Summer is a fleeting season here in our Mile High city. We had heavy snow back in early June. We had frosts, or near frosts, in mid-July. Now we are getting some hot weather to push our gardens along as we struggle to keep our lawns green.
But, at the end of this week we’ll flip our calendars to August, and that will mean we’re just a month away from the opening of this year’s upland bird hunting season. Those first walks of the hunting season are usually summer outings, but heaven knows we’ve often had snow and freezing temperatures on Labor Day weekend. When we get to September, the seasons can be a day-to-day thing.
In other words, now that we, at last, have real summer weather, we’d better take advantage of it while it lasts.
At the top of my list for outdoor activities in August is fly-fishing, not that there’s anything new about that. How we do that may be quickly changing, however, as rivers drop to seasonal low flows. Sometime in August I usually put my pontoon boat back in the garage rafters and concentrate on walk and wade fishing for the duration.
I don’t mind, as I generally catch more fish when I’m wading than when I’m floating.
Right about now, and continuing well into September, the main hatch on area rivers will be tricorythodes mayflies, usually referred to as tricos. Tricos are tiny, but when tangible clouds of these little bugs settle on the river in their last act of life the fish take notice, and the action can get hot.
Also about now we should be seeing spruce moths on the Big Hole, and that can get fish really excited and on the feed, if you’re on the river at the right time. A few years ago I did hit it right and I spent just about a whole afternoon working my way up a current seam where the moths were floating along and getting picked off by hungry trout. I probably covered less than 100 yards, but that was sufficient.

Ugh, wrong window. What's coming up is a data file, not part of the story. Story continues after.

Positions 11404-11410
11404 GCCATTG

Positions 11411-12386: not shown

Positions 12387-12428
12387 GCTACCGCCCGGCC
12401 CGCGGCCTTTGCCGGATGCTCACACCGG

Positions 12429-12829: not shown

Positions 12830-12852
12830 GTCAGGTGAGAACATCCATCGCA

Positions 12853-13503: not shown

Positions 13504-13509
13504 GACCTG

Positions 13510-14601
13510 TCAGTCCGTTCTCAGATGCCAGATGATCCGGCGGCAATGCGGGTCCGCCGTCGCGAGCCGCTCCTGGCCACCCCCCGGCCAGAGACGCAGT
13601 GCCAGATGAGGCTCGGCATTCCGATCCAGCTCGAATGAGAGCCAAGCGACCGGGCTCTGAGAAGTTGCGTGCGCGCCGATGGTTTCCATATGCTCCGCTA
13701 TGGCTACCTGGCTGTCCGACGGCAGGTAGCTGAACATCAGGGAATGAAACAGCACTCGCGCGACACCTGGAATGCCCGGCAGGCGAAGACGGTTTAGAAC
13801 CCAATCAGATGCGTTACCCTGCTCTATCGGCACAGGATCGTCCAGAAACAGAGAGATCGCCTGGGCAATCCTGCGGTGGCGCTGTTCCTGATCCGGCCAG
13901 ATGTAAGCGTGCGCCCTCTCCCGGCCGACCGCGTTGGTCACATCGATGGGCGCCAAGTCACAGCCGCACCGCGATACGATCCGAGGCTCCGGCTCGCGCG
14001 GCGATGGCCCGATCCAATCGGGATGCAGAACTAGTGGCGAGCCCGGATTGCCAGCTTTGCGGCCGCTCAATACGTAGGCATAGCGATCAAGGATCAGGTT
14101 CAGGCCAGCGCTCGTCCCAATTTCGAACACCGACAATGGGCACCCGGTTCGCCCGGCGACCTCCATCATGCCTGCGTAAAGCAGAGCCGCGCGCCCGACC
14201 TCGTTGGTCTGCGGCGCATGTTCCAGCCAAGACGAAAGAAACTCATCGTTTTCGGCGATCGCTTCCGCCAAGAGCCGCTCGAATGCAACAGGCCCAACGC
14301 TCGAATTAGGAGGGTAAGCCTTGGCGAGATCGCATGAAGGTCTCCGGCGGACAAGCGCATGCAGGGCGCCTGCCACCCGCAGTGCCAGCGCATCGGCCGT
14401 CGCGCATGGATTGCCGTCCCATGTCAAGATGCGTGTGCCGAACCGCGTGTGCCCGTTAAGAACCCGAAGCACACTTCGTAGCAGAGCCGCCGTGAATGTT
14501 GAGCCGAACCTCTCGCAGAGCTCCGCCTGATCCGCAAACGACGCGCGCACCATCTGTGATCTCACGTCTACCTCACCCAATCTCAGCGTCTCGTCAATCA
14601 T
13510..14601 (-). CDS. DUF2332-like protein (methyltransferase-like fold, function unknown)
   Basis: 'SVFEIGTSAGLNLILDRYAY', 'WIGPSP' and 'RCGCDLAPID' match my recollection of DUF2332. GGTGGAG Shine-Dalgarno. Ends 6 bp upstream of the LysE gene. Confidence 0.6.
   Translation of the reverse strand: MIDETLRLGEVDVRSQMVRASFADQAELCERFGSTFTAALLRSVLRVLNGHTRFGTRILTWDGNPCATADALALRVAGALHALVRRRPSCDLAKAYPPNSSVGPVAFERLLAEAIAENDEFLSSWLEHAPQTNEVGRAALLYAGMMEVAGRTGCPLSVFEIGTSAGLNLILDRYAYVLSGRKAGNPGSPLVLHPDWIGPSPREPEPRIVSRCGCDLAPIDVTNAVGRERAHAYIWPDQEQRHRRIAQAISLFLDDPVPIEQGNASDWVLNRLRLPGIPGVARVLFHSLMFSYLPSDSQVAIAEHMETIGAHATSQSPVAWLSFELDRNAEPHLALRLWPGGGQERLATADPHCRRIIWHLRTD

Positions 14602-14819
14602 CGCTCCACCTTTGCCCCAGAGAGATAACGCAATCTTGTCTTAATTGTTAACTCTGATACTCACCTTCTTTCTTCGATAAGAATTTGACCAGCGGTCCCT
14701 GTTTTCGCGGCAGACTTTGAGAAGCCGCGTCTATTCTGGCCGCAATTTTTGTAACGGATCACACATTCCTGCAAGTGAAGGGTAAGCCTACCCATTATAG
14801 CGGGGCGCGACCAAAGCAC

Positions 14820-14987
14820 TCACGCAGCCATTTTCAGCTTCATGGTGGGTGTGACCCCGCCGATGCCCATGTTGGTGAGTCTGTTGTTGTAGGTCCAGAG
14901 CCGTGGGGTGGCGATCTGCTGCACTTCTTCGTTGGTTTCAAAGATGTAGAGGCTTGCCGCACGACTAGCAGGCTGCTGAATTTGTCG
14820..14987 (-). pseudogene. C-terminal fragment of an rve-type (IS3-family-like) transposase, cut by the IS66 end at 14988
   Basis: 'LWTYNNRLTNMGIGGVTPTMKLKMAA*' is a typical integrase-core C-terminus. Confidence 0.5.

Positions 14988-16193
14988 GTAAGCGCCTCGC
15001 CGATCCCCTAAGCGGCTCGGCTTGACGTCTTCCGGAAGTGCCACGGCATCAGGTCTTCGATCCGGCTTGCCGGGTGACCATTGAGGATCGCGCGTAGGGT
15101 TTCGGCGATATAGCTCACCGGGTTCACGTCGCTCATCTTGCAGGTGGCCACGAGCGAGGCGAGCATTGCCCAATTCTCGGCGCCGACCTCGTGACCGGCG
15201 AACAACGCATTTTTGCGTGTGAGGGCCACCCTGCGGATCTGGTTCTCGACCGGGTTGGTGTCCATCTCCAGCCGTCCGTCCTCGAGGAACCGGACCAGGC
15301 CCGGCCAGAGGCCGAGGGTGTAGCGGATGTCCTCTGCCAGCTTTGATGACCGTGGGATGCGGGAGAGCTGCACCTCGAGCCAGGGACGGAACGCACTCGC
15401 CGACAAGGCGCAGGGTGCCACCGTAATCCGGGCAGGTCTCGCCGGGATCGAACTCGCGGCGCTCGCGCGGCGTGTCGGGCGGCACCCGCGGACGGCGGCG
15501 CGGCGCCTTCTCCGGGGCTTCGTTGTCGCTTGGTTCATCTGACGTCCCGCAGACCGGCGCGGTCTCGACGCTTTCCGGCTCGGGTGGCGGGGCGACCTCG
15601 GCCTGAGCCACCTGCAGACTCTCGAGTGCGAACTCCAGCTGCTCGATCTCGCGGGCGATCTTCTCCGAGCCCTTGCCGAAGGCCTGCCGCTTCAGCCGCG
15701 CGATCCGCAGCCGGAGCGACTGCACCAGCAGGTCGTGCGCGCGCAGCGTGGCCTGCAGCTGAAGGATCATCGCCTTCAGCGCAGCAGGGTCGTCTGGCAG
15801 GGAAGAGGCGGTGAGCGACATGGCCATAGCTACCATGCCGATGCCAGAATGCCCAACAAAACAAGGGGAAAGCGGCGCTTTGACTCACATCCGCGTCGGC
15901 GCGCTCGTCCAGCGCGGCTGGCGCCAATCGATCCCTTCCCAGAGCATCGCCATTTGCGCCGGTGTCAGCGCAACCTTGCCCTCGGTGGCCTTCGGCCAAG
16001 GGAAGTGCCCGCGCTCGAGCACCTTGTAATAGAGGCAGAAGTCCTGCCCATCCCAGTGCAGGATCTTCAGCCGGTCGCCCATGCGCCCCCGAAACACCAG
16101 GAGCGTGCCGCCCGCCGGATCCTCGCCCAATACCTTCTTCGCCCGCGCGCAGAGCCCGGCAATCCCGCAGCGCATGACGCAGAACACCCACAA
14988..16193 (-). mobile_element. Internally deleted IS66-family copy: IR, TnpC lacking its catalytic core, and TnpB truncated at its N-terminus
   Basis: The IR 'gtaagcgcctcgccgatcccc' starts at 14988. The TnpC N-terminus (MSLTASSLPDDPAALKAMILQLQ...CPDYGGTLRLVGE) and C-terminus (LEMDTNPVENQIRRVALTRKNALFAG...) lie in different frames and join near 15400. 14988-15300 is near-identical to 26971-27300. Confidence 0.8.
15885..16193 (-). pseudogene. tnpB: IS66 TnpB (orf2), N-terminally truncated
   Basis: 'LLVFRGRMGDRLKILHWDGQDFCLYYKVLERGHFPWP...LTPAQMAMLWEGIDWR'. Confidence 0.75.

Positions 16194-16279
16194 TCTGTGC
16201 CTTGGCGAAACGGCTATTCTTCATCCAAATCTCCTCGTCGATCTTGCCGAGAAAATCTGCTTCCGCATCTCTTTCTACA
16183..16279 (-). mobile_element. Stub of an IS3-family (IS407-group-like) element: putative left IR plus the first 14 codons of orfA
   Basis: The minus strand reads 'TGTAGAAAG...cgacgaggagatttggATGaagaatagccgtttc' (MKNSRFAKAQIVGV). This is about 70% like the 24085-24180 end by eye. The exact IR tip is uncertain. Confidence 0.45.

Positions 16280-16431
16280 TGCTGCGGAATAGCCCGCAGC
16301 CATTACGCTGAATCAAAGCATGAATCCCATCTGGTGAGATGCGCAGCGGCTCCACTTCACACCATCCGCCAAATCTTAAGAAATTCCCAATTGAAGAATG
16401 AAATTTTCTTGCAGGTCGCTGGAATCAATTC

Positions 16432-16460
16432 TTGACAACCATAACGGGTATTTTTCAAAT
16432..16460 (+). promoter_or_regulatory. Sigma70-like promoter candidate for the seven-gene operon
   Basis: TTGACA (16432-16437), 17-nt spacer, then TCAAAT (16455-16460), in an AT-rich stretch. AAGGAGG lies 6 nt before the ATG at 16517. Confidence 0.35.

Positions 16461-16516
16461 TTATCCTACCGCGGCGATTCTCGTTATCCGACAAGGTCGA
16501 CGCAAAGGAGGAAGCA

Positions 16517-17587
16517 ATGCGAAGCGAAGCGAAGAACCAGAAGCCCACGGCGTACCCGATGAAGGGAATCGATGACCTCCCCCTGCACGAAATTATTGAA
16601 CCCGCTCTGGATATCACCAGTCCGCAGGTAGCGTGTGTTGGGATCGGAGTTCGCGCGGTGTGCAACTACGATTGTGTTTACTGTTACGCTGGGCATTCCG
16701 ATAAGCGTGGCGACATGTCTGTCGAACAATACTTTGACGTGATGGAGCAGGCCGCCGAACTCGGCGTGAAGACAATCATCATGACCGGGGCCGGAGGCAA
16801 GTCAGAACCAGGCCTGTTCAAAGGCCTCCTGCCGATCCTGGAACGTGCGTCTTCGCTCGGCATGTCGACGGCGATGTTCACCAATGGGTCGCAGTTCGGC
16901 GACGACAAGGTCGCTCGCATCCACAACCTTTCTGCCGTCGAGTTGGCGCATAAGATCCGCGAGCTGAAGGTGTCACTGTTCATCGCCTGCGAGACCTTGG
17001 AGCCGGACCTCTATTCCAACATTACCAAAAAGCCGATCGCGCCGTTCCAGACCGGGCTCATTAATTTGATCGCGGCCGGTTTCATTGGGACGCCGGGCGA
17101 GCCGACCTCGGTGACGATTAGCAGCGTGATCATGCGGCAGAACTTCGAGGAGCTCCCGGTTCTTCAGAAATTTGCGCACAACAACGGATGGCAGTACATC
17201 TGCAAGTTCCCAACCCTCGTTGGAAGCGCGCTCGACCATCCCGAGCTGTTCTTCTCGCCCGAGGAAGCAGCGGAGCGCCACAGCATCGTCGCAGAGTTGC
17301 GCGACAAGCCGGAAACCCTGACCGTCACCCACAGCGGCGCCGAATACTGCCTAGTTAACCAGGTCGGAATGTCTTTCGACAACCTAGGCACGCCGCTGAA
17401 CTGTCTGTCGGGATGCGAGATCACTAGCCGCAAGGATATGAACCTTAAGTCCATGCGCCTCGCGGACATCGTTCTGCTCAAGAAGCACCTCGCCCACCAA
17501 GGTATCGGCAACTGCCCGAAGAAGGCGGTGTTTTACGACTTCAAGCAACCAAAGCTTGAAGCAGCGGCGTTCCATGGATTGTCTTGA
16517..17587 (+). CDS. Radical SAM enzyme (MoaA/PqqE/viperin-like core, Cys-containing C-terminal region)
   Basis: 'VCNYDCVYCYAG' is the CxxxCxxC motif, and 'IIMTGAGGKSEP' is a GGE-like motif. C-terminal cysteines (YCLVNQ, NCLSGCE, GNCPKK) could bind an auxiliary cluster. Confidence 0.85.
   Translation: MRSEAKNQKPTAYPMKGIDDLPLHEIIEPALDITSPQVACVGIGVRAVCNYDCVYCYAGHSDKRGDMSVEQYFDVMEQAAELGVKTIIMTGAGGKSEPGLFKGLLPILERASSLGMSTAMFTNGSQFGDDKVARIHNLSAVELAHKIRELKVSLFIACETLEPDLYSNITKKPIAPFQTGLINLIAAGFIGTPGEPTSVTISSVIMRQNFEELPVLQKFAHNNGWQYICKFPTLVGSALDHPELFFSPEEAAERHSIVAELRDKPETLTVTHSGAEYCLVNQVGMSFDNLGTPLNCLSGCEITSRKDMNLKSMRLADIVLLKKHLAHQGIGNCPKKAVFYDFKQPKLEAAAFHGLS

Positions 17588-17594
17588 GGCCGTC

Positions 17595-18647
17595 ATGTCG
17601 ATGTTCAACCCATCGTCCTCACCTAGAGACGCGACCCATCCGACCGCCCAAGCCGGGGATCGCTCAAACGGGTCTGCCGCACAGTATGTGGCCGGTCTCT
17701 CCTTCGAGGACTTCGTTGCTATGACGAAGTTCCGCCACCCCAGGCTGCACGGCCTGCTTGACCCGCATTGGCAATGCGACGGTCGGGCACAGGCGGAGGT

There are other things to do, of course. With the cool, rainy weather in June and early July, there has been a profusion of wildflowers on our mountainsides and riparian areas.
On my last outing I was looking on a Big Hole island for one of my favorite wildflowers, the sego lily. I didn’t see any until I got back to the fishing access site and they were a number of them right next to the parking lot.
The sego lily is native to many western states, from Nevada and Utah to the south, to Montana and the Dakotas. It’s also Utah’s state flower, as Native Americans taught hungry Mormon pioneers where and how to dig for the plants’ bulbs for food.
I’m just happy to see them during the short time they’re flowering; because I think they’re about the prettiest wildflower around.
Naturally, there are other things happening besides fishing, gardening and wildflowers.
This being the political year it is, it seems to me that one of the more interesting developments is Governor Steve Bullock, who is also challenging Sen. Steve Daines for a Senate seat, suing the Federal government to block the current acting Director of the Bureau of Land Management from leading the agency while his confirmation is pending before the Senate. This is the third lawsuit to be filed, so far, as Federal law, according to the filing, “prohibits acting officers from running agencies while their nominations are pending before the Senate.”
Acting Director William Perry Pendley is a terrible choice to run the agency that manages millions of Montana’s public lands acres. Most of his career has been devoted to attacking public lands. His record as an acting director is one of mismanagement.
Maybe it’s picking at trivia. If we believe the polls, even if confirmed as Director, he’d be in office no longer than next January. That’s still no reason to install an unqualified person in that crucial office.